The Anyuak position after the Two Southern Sudan Civil Wars.

By Lero Odola

April 30, 2006 - During the first South Sudan civil war the Anyuak paid ultimate price in blood and resources. After Addis Ababa agreement in 1972, those who sided with Jalaba seized the opportunity. They harvested what they never cultivated. The Anyuak were inadequately represented in the the then Southern government and treated as second class.

Throughout the SPLA/M revolutionary war Anyuak land was again used as the save haven by both rebels and the refugees.  Many Southern Sudanese, people form Nuba Mountains and  Southern people form Blue Nile were generously accommodated by the Anyuak and shared with them whatever scarce resources they had.  The Anyuak suffered heavy casualties while hosting the needy people in course of the liberation movement. 

After singing the Comprehensive Peace Agreement in January, 9th 2005 between the Sudan government and the SPLA/M, the Government of Southern Sudan emerged after the Government of National Unity of Sudan of formation. The Anyuak were under-represented in the GoNU.  Furthermore, when the Government of Southern Sudan was formed Anyuak again under-represented if not marginalized.  No minister was appointed from the Anyuak. When undersecretaries were appointed Anyuak were even hard-pressed down by the policy makers in Southern Sudan.  Recently sixteen Southern Sudanese Ambassadors were recommended or nominated by the Sudan foreign Affairs and appointed by the president Omar Hassien EL-Bisher.  There is no single Anyuak in the list of the cited Ambassadors either.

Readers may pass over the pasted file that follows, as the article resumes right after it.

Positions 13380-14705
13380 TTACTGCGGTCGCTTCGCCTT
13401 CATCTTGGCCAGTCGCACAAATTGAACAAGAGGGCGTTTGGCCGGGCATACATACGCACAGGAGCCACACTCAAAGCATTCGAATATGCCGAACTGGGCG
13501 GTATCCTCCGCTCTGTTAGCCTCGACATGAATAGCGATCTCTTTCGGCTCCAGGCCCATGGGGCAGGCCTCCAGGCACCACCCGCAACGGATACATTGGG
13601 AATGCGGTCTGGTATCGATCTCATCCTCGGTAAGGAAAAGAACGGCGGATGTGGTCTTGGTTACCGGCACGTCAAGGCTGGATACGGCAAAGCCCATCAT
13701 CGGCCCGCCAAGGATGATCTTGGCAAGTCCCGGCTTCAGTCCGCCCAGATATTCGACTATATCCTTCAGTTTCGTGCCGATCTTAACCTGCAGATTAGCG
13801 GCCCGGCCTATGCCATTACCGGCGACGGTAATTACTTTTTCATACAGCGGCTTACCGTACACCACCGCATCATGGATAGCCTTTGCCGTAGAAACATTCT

As far as I’m concerned, these are alarming and compelling evidence to indicate that the Sudan civil war was waged and systemically carried out not to benefit the Anyuak. None and lesser representation of the Anyuak in many political positions in new Sudan system, is not accidental, probably it was aimed to deny and undermine the role that the Anyuak played during the revolutionary wars of Southern Sudan. However, the policy makers in Southern Sudan need to know that the Anyuak tribe is very vital and essential.  Therefore, their role in any elected government in future may determine some politicians’ fate.   It is very disgraceful to ignore and overlook those who have paid ultimate price during the liberation movement in many ways. All Southerners paid a price but the scale was not equal.  

The following question must be left for the target audience to search for answers. Is the new Sudan (Southern Sudan) going to implement new structure by use kinship, lineage, clan, nepotism or caste doctrine to push others away from government? All other marginalized minorities, including the women of Southern Sudan, must speak out to get a clear answer from the decision makers.

Lero odola is a Sudanese political activist based in the USA and can be reached at   lero.odola@yahoo.com

 

 

 

 

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